News from Rhinebeck

Comments on Rhinebeck festival from Joan Chapin.

This year, as in years past, my son and his wife, children, and I went to Rhinebeck with my Blue yearling ewes  and Wes/Hil’s Romneys.  We went on Thursday, got there late afternoon, and since the wind was coming into our pens along the side, we decided to send me out to the hardware store for tarps.  Two 10’ x 20’…Wes put them up to cover our 7 pens along the side…Good thing.  By Friday morning it was pouring, big wind was from that side…and sometimes the rain was so hard that it was deafening in that metal roofed barn (upper barn).  They said some of the vendor areas, where they were trying to set up, had to be sump-pumped out, I think they were pointing down toward the fleece barn. Saturday and Sunday were cool and sunny…Good thick crowd on Saturday, not as much on Sunday, thank heavens!  Rhinebeck is truly THE place for fleece sheep and fleece people; the barns are constantly filled with the public looking at and asking about sheep.  Very invigorating.

We were down the row from Cindy and Margaret of Pitchfork Ranch, who brought Romneys and Blues…  There was a mystery Blue down by Anchorage Farm near the wool room, and we found out that it was one bought by a young lady from CT from someone in Maryland. I am always interested in these lone Blues and why a person would have only one!

The white longwool show was Saturday afternoon. This year my ewes were in the (split) yearling classes, and both came in 5th after Romneys and Lincolns.  That is one place higher than last year as lambs.  Obviously I don’t go for the premium money; but glad to be placed at all.  The Natural Colored longwool show was Sunday morning.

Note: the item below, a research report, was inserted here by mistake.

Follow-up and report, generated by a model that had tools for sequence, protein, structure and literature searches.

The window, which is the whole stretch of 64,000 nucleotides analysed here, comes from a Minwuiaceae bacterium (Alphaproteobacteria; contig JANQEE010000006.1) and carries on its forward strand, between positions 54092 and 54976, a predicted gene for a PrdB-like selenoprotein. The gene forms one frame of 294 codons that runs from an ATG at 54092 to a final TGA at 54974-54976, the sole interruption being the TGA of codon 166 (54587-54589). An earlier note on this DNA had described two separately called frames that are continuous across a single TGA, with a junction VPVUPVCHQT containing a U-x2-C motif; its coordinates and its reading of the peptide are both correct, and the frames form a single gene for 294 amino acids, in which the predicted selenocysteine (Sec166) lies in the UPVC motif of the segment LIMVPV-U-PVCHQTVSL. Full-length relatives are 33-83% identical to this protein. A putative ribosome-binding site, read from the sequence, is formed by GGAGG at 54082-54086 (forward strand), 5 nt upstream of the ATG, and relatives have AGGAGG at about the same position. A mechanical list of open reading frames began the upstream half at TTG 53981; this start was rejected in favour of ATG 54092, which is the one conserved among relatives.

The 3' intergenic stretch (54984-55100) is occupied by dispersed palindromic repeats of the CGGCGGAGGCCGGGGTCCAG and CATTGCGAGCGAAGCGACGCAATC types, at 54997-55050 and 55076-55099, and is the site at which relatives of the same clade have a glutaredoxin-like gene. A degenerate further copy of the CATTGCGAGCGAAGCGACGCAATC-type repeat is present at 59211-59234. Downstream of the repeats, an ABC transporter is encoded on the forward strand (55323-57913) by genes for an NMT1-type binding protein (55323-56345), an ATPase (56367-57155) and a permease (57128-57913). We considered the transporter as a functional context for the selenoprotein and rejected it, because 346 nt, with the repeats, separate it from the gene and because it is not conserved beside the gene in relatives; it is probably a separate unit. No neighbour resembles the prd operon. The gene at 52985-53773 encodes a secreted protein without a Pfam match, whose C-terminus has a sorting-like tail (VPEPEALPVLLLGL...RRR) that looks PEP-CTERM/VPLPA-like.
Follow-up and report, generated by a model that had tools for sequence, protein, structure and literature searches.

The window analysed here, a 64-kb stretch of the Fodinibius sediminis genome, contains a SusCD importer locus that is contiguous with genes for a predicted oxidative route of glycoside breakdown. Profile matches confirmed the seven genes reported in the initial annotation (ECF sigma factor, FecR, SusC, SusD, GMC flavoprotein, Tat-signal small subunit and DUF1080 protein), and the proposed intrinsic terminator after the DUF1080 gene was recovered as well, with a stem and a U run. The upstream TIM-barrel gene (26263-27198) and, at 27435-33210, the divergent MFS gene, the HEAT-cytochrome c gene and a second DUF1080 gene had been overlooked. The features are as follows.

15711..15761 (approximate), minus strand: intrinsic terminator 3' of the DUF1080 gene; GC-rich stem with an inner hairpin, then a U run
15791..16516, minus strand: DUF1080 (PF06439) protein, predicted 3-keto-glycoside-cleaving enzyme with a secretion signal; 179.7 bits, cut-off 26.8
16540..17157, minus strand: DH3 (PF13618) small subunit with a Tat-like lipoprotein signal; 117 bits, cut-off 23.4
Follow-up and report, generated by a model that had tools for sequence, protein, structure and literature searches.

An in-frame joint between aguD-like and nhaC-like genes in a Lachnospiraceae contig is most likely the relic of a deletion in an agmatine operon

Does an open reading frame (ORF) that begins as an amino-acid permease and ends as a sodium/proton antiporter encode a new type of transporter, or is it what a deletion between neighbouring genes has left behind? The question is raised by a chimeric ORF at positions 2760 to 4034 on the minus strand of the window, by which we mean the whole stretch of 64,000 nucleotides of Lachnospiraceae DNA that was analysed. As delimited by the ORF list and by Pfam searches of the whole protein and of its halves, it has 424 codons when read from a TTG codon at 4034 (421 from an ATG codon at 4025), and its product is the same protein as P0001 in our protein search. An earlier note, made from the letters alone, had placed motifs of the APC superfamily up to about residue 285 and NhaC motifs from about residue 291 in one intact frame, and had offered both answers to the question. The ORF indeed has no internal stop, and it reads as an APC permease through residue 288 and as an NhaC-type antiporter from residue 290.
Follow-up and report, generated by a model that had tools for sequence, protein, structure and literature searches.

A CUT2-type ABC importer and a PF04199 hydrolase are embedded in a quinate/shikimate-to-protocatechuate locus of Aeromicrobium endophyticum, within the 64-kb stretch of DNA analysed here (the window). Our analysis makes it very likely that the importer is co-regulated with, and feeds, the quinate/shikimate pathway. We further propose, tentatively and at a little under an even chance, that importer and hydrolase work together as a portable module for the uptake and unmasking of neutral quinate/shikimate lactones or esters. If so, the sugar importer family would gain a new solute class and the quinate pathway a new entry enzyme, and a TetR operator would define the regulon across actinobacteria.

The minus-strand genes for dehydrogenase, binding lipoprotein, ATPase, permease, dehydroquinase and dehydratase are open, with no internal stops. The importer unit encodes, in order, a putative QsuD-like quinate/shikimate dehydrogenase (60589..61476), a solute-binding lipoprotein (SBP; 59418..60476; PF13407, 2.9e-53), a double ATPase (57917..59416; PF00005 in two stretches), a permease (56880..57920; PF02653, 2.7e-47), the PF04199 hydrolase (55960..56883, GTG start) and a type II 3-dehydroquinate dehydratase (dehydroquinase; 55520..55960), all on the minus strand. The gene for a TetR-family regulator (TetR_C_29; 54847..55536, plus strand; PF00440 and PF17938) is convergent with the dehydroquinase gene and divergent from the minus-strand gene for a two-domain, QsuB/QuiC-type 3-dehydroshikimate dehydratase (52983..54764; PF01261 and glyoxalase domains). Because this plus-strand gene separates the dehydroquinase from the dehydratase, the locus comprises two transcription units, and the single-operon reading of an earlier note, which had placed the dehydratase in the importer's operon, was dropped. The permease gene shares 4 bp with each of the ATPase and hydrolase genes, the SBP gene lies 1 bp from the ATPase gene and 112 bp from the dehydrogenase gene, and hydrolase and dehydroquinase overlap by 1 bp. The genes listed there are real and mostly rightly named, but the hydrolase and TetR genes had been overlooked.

I learned several years ago that if I stay around my pens and answer questions, and watch the people dig their fingers into the long soft Bluefaced fleece, I would have the opportunity to show people the differences in Bluefaced compared with, say, Border Leicester fleeces…and show them hand spun, hand dyed, and hand knitted articles, so they can appreciate the luster, drape, and softness of the Bluefaced wool. Against my usual rules, I sold one raw fleece last year to a woman who heckled me for much of Saturday morning, and she has kept in touch on email, reminding me that she wants to buy Lena’s fleece again this year.   I met one woman who turned out to be a medical doctor who specializes in stress issues and who spins!  She was enchanted with the Bluefaced fleece and yarns, and I think she’s hooked on it for her own stress-relieving spinning.  Maybe she’ll start a spinning group for stress relief!  With BFL roving, of course.

So I got out to a few of the old buildings on Sunday afternoon, and saw a few vendors who go to the NH Sheep & Wool Festival in May. I especially noted the absence of Kathy Davidson at her booth. Lewis White was there with his Little Barn tent, and his BFL roving; he said he’d had to cut back on his Bluefaces.  Lisa Westervelt stopped by.  Rhinebeck has grown so much in the last few years that I will never get around to see it all, especially when I have sheep in the pens.

Home at 12:30 AM Monday. Happily exhausted, to find my new Scotty ram lamb poking around the barn, sniffing thru’ the pen panels at the ewes.

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